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LONDON, ENGLAND - APRIL 15:  Harry Lloyd poses in the press room during the 2012 Olivier Awards at The Royal Opera House on April 15, 2012 in London, England.  (Photo by Ben Pruchnie/Getty Images) Harry Lloyd of Manhattan and Game of Thrones.

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Harry Lloyd on His New Show Manhattan, Game of Thrones’ Viserys, and Epic Targaryen Hair

You might not recognize Harry Lloyd when you see him on his new show, Manhattan, a World War II–set drama about the Manhattan Project premiering this Sunday on WGN America. Free of the blond locks he sported as Daenerys Targaryen’s brother Viserys in the first season of Game of Thrones, Lloyd shifts from playing the so-called beggar king to Paul Crosley, one of the scientists working under top-secret conditions to develop nuclear weapons. While in New Mexico (which is both where Manhattan is shot and where it takes place), Lloyd recently snuck in a visit with noted Santa Fe resident George R.R. Martin (“Just breakfast, no drinks!”), so he was in full GoT nostalgia mode when Vulture caught up with him recently to discuss his new show, epic Targaryen hair, and how Viserys would fare in Los Alamos. [Note: Game of Thrones spoilers to follow.]

Outside of Robert Oppenheimer, most of the characters in Manhattan are fictitious. Does that make your job easier? Or more difficult?
The interesting thing is, when you play a real-life character or someone based in a book, you always come up against people's preconceptions of what they have in their heads. So it's nice here that people will be looking at what you're doing versus how you're doing it. When you play Denis Thatcher [his role in The Iron Lady] or Viserys, people are like, "Oh, yeah, I knew you were going to have to do that scene," and then they're looking at your choices. But with Paul, I think they'll be more surprised at which direction the character goes. I think that's the same for a lot of the characters in Manhattan — where they start off and where they finish, you really don't know where it's going. I remember getting the scripts and assuming this next episode was going to deal with this, and it never did. The premise, this strange world with its secrets, and [where] the stakes are so high, there are so many different stories to tell. You really don't know where it's going to end up, other than that the bomb will get dropped in August 1945. But within that, we need to be kept on our toes.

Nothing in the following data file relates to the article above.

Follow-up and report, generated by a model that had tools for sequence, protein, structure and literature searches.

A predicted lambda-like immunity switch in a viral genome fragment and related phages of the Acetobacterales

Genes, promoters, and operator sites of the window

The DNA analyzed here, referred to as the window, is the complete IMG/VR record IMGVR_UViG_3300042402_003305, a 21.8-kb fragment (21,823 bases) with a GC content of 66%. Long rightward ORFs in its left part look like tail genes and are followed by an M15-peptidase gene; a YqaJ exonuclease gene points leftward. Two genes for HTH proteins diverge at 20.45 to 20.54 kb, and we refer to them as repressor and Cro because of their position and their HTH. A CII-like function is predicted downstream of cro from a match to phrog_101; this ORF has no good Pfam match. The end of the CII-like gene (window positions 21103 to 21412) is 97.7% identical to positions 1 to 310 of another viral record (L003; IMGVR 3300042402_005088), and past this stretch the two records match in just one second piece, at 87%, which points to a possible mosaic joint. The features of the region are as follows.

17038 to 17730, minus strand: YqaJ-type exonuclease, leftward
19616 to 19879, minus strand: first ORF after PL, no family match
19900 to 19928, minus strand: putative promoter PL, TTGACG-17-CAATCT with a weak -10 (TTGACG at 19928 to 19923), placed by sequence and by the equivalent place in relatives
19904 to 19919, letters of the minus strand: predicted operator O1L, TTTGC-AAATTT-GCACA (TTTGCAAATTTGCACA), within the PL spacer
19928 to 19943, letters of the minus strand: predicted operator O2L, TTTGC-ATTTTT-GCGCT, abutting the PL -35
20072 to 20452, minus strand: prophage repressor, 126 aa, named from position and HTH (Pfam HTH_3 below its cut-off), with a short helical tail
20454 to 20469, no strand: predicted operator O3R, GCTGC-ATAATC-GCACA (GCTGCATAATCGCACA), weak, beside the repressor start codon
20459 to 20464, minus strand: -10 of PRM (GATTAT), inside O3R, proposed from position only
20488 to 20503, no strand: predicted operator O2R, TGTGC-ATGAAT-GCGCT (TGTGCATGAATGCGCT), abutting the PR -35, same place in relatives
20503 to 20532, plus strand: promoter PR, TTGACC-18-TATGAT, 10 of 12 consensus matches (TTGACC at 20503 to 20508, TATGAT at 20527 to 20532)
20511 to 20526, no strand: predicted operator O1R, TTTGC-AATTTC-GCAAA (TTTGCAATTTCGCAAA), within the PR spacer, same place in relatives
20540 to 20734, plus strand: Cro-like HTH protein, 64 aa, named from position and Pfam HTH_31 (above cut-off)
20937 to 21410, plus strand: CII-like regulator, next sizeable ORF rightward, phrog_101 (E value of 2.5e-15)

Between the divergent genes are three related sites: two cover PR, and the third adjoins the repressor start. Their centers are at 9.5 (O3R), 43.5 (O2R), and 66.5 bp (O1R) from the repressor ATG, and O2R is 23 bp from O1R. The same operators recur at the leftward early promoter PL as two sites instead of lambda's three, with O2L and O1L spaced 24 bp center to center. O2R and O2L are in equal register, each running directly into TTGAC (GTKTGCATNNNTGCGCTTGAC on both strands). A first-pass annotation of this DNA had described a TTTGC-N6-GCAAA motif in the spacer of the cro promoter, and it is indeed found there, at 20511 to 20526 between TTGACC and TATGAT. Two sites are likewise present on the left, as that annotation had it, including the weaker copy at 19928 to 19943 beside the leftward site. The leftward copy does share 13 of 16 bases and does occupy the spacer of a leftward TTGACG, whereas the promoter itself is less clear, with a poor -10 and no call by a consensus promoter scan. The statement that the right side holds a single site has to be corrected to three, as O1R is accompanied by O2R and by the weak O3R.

Well, with Game of Thrones, we're kept on our toes, too, but almost in the opposite way: While we know some of what's going to happen based on the books, we don't know the end, so there are a lot of mysteries.
Part of George R.R. Martin's brilliant storytelling is taking the carpet out from under your feet. You think there are certain things that have to be the case, and he keeps finding ways to surprise you. I've always thought a lot about Maester Aemon, up on the Wall, and how he's related to our family. Because Daenerys is kept over there, with her dragons, you build up the suspense about when and how she's going to invade. And of all the characters who could link that story line back to Westeros, the ones who are really crucial, wouldn't Aemon be a part of that? Along with Whitebeard — Ser Barristan. I love that, the way it kind of feeds in to the main story line and doesn't feel so separate.

So that it feels like these separate story lines are converging. If only we knew how it ends.
You want there to be some kind of massive final explosion when it all comes together, but based on what we've already seen, I can't imagine how they're going to do that. It's not all going to be tied up neatly. There's not going to be a Lord of the Rings ending, with the rightful king on the throne. I don't think that's the way these books work. I don't think that's what [George R.R. Martin] is interested in. But the promise of that is what keeps us going, because we desperately want it. Similarly to Manhattan, [on the HBO show] you've got this wonderful premise and these wonderful characters and it's not really that it's a show about dragons or a show about magic or a show about power — it's about choices. You follow these people, you see what they're dealt, and how they deal with it. Their relationships. Their decisions. And if it's honest storytelling, and it's just really interesting to follow human situations like that.